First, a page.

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CVS Caremark Corp said on Wednesday that it has taken the unusual step of cutting off access to powerful pain-killers for more than 36 doctors and other healthcare providers found to prescribe the drugs at an alarmingly high rate. The drugstore chain, which was drawn into a government crackdown on prescription painkiller abuse last year, began revoking the dispensing privileges of certain providers in late 2012, said CVS Chief Medical Officer Troyen Brennan. “This isn’t a definitive solution to the problem,” Brennan told Reuters. “We wanted to share what it was that we did and have other people in healthcare, including other pharmacies, look at what we did and discuss what some more comprehensive solutions might be.”

CVS disclosed the suspensions in an article published on Wednesday on the website of the New England Journal of Medicine. “At CVS, we recently instituted a program of analysis and actions to limit inappropriate prescribing. Our program was intended to identify and take action against physicians and other prescribers who exhibited extreme patterns of use of ‘high-risk drugs’ relative to other prescribers.”

CVS identified high-risk prescribers by benchmarking them against others on several parameters. It used data from submitted prescriptions from March 2010 through January 2012 for hydrocodone, oxycodone, alprazolam, methadone, and carisoprodol. Prescribers were compared with others in the same geographic region who had the same listed specialty. The first parameters were the volume of prescriptions for high-risk drugs and the proportion of the prescriber’s prescriptions that were for such drugs, as compared with the volume and proportion for others in the same specialty and region; the thresholds for suspicion were set at the 98th percentile for volume and the 95th percentile for proportion.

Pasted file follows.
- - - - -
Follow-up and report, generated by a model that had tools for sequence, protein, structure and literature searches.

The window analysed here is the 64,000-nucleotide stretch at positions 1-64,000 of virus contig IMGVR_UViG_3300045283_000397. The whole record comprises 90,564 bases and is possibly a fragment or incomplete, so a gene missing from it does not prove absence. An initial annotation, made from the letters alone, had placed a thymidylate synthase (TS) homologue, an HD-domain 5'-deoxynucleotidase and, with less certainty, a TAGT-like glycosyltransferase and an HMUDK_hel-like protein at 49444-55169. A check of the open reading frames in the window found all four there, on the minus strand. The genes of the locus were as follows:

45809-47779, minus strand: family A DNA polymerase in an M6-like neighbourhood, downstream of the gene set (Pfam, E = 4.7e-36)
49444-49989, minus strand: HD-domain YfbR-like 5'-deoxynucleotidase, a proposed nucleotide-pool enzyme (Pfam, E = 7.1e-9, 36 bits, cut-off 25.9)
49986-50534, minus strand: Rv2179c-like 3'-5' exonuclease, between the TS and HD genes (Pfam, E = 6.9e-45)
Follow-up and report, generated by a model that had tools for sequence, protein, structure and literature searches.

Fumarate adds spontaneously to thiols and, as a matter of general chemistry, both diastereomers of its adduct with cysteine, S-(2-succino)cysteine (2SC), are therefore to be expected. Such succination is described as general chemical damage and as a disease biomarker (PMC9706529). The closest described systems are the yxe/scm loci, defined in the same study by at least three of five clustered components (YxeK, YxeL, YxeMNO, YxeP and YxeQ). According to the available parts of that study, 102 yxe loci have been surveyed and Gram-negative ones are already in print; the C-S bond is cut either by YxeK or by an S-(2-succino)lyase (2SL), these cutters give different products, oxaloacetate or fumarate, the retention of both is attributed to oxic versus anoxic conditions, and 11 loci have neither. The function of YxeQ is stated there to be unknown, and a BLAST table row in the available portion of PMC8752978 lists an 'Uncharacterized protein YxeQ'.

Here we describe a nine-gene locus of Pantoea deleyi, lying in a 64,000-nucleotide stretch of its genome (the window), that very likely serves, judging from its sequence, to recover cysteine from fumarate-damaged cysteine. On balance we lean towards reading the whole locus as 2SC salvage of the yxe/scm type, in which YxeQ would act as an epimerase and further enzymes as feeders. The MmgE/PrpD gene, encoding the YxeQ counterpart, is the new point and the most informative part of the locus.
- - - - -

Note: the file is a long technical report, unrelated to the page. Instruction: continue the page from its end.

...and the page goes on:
Next, prescribers were evaluated with regard to the number of their patients who paid cash for high-risk-drug prescriptions and the percentage of their patients receiving high-risk drugs who were 18 to 35 years of age. In both cases, the thresholds for suspicion were set at the 90th percentile among clinicians in the same region and specialty.

Finally, CVS compared the prescriptions for noncontrolled substances with the prescriptions for controlled substances within the prescriber’s practice on the same parameters. CVS initially identified 42 outliers from the database of nearly 1 million prescribers. To minimize the possibility that CVS would suspend dispensing privileges for clinicians who were appropriately treating patients, it attempted to interview physicians who were identified as outliers to ascertain the nature of their practice and their use of controlled substances. After further screening, 36 met the criteria for suspension.

Pharmacists have an ethical duty, backed by both federal and state law, to ensure that a prescription for a controlled substance is appropriate. The DEA has now identified both pharmaceutical distributors and chain pharmacies as part of the problem, encouraging the industry to develop new programs to reduce inappropriate use.